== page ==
We did also raid private pension pots to the tune of about €2bn and place higher Dirt tax on savings. Syriza has found that many of the very wealthy have pulled their money out of the banks and the country, so the government would struggle to get their hands on it.

Businesses are needed to create the jobs. Banks are needed to lend them money.

And this is probably one of the greatest obstacles of all. Greek banks have big problems. They are holding €15bn of Greek sovereign debt and rely on €110bn of money received from the ECB, to keep the ATMs going. They also lack enough solid capital.

Greek banks have built up what are called deferred tax assets, which they can use to reduce their tax bill on future profits. All banks use them, but some estimates suggest that these deferred tax assets make up nearly 90pc of Greek bank's equity.

Greek banks may well survive on short term liquidity, but it is hard to see them getting to a point any time soon where they could lend solidly into a recovering economy. Borrowing is a vital part of corporate activity.

If a deal is done, the Greeks will probably face a general election in the coming months as hardliners in Syriza withdraw support. An agreed deal will free up the last €7bn of bailout money, for as long as the Greek government delivers on agreed targets.

Domestic political difficulties or a weakening international economic environment could weaken its ability to do that.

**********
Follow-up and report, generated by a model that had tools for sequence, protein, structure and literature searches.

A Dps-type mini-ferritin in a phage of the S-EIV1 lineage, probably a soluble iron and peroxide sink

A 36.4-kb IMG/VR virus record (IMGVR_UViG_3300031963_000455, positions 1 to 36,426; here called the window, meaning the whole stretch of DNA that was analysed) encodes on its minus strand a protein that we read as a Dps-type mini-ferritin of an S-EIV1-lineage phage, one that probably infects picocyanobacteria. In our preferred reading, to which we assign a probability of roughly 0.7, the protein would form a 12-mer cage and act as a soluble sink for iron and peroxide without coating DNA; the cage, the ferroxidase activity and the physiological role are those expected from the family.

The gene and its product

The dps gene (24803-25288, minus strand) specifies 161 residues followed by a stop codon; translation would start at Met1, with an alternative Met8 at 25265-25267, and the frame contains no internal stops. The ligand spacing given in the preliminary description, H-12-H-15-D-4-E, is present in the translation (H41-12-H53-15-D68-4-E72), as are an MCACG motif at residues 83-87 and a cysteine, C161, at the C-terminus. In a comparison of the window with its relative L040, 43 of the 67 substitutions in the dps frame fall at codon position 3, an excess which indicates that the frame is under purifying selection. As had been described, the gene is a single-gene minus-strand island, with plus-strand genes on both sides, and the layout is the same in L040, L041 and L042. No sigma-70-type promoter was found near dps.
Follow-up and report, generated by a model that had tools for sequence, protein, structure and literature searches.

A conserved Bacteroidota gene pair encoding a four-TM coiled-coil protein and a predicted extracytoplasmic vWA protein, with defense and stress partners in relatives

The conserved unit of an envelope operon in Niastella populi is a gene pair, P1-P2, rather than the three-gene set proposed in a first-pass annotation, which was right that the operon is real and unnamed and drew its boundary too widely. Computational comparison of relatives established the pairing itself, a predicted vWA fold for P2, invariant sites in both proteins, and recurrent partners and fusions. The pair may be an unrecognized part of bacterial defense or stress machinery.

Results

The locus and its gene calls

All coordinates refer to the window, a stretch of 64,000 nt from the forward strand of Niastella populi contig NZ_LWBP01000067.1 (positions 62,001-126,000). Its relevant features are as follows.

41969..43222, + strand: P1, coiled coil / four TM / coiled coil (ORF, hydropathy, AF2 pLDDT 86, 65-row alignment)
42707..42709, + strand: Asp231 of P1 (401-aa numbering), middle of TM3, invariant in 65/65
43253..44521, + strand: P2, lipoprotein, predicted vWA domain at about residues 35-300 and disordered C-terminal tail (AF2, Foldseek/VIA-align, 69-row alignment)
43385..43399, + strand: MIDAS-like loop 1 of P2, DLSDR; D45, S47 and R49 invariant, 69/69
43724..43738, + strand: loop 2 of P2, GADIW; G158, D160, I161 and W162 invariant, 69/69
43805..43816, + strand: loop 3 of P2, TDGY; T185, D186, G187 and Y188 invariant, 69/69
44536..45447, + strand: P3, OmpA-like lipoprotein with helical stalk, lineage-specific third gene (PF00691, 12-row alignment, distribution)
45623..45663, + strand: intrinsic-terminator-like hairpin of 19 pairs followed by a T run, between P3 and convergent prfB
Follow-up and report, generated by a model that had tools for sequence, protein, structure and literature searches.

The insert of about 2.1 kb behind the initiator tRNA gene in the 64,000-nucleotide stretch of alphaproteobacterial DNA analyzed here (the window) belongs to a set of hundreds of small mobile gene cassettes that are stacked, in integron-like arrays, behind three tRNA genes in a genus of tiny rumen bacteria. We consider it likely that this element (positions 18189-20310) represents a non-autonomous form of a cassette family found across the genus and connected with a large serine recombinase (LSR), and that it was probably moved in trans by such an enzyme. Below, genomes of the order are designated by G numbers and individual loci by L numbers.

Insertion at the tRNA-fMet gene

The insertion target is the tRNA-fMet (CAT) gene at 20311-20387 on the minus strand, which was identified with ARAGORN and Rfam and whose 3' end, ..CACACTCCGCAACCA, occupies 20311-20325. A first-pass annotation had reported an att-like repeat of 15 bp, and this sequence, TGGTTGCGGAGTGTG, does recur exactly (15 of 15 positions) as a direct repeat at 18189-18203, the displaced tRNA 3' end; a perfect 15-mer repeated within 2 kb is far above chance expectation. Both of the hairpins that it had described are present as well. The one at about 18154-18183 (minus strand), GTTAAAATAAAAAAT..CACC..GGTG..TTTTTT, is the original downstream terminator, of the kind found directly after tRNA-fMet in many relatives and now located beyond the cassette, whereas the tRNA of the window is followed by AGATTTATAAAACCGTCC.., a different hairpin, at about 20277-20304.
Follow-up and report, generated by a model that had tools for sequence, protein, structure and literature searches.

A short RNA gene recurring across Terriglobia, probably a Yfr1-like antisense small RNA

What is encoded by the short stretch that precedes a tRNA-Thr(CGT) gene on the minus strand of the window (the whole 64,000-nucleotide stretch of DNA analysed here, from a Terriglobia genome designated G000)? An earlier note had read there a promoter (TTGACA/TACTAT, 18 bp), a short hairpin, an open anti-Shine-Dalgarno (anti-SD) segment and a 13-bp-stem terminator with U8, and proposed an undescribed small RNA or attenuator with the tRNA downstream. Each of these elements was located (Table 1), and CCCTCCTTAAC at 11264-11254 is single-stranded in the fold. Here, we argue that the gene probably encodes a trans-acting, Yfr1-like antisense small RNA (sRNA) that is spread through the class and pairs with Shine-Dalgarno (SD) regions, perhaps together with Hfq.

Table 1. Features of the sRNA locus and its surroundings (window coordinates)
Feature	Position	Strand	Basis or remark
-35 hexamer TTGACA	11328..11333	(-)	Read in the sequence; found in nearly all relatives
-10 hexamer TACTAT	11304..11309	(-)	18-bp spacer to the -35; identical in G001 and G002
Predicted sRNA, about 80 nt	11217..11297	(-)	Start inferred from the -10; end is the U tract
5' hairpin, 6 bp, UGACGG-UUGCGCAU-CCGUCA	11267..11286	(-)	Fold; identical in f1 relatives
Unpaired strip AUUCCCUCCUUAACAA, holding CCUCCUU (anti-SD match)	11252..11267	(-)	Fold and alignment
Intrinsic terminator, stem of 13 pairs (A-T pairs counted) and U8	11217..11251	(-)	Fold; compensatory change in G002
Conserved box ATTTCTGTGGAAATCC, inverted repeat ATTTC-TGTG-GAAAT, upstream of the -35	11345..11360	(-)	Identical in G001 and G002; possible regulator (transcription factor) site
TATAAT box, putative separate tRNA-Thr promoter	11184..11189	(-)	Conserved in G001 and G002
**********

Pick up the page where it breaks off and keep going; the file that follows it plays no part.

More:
There is an unreality about the European economic experiment that Greece has become. It is expected as part of the plan to deliver a solid primary surplus in the years ahead.

Since 1995 all the countries of the euro area reached a primary surplus of 3.6pc only once and that was in 2000.

Greece has some advantages that Ireland did not. Personal debt levels are low. They don't have the mortgage legacy we had.

But there are serious structural problems that still need to be fixed. For example, it has an army of 136,000 and spends more per capita on defence than any other Eurozone country.

Going for a complete default would have seen France and Germany exposed to the tune of €160bn. It could have defaulted on EU countries but not on private sector debt to help return to the markets more quickly.

But without reforms, in time it would be right back where in started again, only this time without the euro.

A deal will see Greece stay in the euro, but relations have soured, trust has broken down and sadly that legacy will remain.